Fiesta Criolla – Latin-American Orchestral Works/Gabriel Castagna [Chandos]

0 of 5 stars

Piazzolla
Milongón festivo
Carrillo
Fiesta criolla
Rapsodia santiagueña
Castro
Sinfonia Argentina – Arrabal
Caballero
Concierto indio
Mignone
O contratador de diamantes – Congada
Holguín
Tres Danzas
Alberto Williams
Primera obertura de concierto

Nora Chastain (violin)

Württembergische Philharmonie Reutlingen
Gabriel Castagna

Recorded 19 & 20 March 2010 in Studio, Württembergische Philharmonie Reutlingen


Reviewed by: Greg Harvey

Reviewed: August 2011
CD No: CHANDOS CHAN 10675
Duration: 77 minutes

This is high-octane stuff – gauchos, pampas, coffee (not decaffeinated). There’s a gaudy start to this Latin-American disc, Astor Piazzolla’s Milongón festivo, its exhilaration enough to make Bernstein’s ‘Mambo’ (West Side Story) seem tame! Passion abounds. The piece is not as left by its composer, for this date-uncertain music is arranged for large orchestra by our conductor, Gabriel Castagna, the credit making clear that this version is without bandoneón, Piazzolla’s own instrument, and a feature of other versions of this piece. This is music at once suggestive and thoroughly diverting through its own diversions, a steamy and seductive six minutes’ worth. It also shows that Castagna is a dedicated conductor of the sort of rhythms and colours that we expect – demand! – from Latin-American orchestral extravaganzas. What might surprise is how ‘native’ the Württembergische Philharmonie Reutlingen is!

This programme is entirely of premiere recordings – sure thing, none of this music has been recorded before (which seems to be our loss up until Chandos’s initiative). The album’s title-piece, Fiesta criolla (1941), by Manuel Gómez Carrillo, enjoys a lighter and festive touch in these orchestrations by the composer of piano-solo originals. However, four vignettes lasting seven minutes do not the listed Symphonic Suite make! Juan José Castro’s Arrabal is fascinating – Bernard Herrmann’s music for Hitchcock’s Psycho meets Stravinsky’s The Rite of Spring. It would be interesting to hear the rest of Sinfonia Argentina. More Argentina-related music follows, and more from Carillo, his Rapsodia santiagueña (1922), another orchestration, another piano original, but this time with a title-change for it used to be known as Rapsodia Argentina; rather nice though, quite waltzy, quite European too, almost a composer visiting South America rather than someone indigenous to the region.

Dare I mention that Concierto indio of 1940, by Theodoro Valcárcel Caballero, is an arrangement of Suite indigena for violin and piano of 1930? But such information doesn’t tell you about the sexy and slinky nature of the first movement or the easy melodiousness of the following ‘Cantabile’. There are four movements altogether, all charming in their different ways, even with some Elgarian wistfulness and Dvořákian folksiness; Nora Chastain is a lovely violinist. Congada by Francisco Mignone (1897-1986) is an entr’acte from an opera; it’s lively, pointed and even a little spectral; insinuating without being insistent. Guillermo Uribe Holguin (1880-1971) wrote eleven symphonies and three-hundred piano pieces. Tres Danzas is easy listening yet the pieces seem curiously form-less and unmemorable while also being delightfully courteous. Finally, the oldest music on the disc, from 1889, Alberto Williams’s Primera obertura de concierto, a product of this then young man’s studies in Paris including with none other than César Franck. With not a note suggestive of Buenos Aires, but not because of that, this is an impressive Concert Overture. How good it would be to hear Williams’s nine symphonies – yes, the magic/superstitious nine! – the last composed in 1939.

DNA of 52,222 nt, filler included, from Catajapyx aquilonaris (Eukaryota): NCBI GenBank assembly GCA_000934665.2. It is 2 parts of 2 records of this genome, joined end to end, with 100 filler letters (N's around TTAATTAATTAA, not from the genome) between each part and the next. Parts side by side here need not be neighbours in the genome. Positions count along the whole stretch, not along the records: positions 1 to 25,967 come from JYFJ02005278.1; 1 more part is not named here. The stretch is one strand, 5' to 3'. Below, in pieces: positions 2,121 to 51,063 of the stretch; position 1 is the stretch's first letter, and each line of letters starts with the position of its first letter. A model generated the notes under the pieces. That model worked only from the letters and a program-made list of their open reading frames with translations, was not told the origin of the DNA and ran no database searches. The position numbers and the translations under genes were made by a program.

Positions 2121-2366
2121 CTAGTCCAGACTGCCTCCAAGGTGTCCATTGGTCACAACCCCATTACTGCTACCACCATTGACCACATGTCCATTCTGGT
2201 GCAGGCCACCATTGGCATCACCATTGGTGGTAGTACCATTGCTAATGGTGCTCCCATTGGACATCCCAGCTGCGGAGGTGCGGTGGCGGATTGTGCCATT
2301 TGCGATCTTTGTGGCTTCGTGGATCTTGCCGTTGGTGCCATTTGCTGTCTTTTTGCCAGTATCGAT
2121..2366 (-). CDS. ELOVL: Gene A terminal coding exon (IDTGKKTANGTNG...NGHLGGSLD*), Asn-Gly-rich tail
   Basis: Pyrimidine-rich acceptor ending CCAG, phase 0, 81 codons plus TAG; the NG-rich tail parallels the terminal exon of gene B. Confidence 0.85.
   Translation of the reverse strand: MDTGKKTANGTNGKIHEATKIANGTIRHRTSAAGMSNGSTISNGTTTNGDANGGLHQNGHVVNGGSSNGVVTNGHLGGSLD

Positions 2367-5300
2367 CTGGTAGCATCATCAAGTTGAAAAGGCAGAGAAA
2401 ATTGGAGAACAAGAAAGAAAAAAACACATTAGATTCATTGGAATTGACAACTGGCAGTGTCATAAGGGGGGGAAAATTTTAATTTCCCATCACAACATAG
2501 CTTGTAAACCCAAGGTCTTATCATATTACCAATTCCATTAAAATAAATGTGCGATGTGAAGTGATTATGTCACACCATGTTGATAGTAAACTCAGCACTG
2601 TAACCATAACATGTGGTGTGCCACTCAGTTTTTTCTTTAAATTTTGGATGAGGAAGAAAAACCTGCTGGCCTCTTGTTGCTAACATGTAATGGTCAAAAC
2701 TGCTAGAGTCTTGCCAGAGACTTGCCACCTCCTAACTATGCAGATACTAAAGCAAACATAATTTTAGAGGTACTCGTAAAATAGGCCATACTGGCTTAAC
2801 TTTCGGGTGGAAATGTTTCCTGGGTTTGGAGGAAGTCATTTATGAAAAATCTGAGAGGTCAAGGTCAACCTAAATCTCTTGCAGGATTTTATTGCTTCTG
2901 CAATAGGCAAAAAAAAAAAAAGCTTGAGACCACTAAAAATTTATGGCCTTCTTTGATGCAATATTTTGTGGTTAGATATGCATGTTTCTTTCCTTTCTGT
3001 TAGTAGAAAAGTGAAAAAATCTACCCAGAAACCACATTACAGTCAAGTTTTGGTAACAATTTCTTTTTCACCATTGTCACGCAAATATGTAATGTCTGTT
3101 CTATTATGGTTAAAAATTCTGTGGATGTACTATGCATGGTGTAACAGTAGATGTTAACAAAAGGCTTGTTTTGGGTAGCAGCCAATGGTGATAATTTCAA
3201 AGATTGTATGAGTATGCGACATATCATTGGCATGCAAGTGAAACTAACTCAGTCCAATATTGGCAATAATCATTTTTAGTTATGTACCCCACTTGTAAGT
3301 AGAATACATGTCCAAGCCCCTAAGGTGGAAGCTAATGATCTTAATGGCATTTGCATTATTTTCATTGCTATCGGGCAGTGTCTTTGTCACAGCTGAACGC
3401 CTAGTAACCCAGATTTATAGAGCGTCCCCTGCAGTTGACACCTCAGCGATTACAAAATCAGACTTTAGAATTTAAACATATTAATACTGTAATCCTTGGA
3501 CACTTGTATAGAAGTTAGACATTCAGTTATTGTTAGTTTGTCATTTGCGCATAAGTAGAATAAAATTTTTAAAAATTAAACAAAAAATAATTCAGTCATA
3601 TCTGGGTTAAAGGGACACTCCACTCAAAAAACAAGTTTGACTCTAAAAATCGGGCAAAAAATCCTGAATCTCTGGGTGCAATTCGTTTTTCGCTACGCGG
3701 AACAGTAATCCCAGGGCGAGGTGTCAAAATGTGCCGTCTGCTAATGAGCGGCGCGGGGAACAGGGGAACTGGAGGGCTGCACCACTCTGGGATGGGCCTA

This is a rather good collection, varied and stimulating, with conductor and orchestra doing the music proud – the strings can sound a little thin at times though – with maestro Castagna clearly having a bent for the music of South America (he himself is Argentinean) and this is his fifth Chandos release of this type of thing. He is clearly in his element and takes his Baden-Württemberg musicians flying along, too. The recording is vivid if a little synthetic, courtesy of a three-in-one man, Reinhard Geller, who is producer, engineer and editor. Musically, there is a great deal of pleasure to be found here fun, sentiment, siestas and fiestas.

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